Sin Patrón: Stories from Argentina’s Worker-Run Factories
Edited by the Lavaca Collective, Haymarket Books, USA, 2007
This is the inside story of Argentina’s remarkable movement to create factories run democratically by workers themselves.
In 2001, the economy of Argentina collapsed. Unemployment reached a quarter of the workforce. Out of these terrible conditions was born a new movement of workers who decided to take matters into their own hands. They took over control of their workplaces, restarted production, and democratically decided how they would organize their work. “Occupy, resist, produce” became the watchwords of this vibrant movement.
Sin Patrón tells the story of Argentina’s occupied and recovered workplaces. Or rather, it lets the workers themselves tell their stories. Appearing for the first time in English, this book explores ten case studies of recovered companies, featuring interviews with movement leaders that provide a history from the shopfloor—history that is still being made today.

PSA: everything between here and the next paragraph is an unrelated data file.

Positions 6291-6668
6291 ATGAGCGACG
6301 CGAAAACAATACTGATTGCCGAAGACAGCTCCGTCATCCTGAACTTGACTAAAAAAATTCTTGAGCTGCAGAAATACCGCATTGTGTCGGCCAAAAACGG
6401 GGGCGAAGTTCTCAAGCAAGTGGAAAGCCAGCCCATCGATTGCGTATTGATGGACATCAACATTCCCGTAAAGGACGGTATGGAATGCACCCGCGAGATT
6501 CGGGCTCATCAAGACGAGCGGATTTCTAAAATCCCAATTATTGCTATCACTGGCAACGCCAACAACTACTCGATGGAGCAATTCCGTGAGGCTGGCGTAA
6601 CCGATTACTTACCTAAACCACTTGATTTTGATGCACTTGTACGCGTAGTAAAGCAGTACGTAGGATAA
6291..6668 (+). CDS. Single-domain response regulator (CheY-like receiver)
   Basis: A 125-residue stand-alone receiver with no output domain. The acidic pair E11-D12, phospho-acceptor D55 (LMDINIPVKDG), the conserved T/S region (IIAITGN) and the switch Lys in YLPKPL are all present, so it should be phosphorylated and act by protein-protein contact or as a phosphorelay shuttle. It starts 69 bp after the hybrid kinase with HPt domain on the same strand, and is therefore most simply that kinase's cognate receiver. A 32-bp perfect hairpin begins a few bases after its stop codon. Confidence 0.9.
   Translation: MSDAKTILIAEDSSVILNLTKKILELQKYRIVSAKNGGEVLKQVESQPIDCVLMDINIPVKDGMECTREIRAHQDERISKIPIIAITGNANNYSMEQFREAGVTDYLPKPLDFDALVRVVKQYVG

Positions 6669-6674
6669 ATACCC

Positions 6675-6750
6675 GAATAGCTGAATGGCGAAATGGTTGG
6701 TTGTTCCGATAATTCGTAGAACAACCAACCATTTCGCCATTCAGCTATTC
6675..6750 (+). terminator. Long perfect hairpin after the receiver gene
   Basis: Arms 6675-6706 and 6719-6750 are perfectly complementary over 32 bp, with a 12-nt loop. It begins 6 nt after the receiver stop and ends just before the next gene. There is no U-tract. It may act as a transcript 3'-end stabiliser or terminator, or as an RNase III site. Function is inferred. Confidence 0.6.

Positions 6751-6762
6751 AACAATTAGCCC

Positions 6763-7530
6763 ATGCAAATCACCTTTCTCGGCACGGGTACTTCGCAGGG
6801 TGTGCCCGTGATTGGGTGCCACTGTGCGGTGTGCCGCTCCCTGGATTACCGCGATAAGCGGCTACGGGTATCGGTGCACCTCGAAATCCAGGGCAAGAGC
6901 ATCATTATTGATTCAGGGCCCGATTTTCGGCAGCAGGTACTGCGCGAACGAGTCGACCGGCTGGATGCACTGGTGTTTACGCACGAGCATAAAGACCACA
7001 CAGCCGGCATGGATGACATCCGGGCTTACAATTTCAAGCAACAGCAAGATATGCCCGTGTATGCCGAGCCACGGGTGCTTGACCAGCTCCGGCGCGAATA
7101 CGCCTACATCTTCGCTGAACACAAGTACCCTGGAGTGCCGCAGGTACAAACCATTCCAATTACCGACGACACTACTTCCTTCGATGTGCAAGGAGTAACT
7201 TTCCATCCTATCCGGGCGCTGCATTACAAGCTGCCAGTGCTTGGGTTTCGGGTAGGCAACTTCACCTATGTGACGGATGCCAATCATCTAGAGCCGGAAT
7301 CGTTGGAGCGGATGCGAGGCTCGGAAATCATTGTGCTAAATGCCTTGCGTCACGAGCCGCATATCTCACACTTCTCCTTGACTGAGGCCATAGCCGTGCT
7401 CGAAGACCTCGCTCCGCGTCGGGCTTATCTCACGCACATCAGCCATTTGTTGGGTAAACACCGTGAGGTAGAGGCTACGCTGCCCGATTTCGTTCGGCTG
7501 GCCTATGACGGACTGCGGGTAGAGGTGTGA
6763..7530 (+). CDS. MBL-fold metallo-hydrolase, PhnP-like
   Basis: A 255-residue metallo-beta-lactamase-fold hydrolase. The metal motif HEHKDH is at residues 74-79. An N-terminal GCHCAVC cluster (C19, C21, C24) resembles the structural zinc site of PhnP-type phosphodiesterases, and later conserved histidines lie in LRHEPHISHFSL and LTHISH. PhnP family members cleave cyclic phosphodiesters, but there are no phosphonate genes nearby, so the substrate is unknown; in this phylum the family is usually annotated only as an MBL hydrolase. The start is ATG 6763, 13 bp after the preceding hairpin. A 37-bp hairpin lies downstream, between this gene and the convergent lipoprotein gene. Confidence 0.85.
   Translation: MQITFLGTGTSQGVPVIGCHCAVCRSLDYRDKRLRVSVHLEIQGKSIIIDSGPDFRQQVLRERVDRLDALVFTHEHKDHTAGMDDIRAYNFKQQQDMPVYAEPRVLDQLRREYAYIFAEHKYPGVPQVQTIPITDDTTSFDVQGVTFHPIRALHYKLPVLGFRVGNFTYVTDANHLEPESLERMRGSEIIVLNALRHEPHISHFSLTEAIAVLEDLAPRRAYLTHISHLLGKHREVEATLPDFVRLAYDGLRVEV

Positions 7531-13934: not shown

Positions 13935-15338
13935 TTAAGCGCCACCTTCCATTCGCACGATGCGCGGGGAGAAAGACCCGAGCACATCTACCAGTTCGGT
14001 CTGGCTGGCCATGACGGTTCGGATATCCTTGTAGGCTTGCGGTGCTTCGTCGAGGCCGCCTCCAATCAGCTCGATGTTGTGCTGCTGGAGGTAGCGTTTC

“Almost entirely under the media radar, workers in Argentina have been responding to rampant unemployment and capital flight by taking over traditional businesses that have gone bankrupt and are reopening them under democratic worker management. It’s an old idea reclaimed and retrofitted for a brutal new time. The principles are so simple, so elementally fair, that they seem more self-evident than radical when articulated by one of the workers in this book: ‘We formed the cooperative with the criteria of equal wages and making basic decisions by assembly—and, above all, the ability to recall our elected leaders.’”—From the foreword by Naomi Klein and Avi Lewis
Translated by K.Kohlsted, Illinois.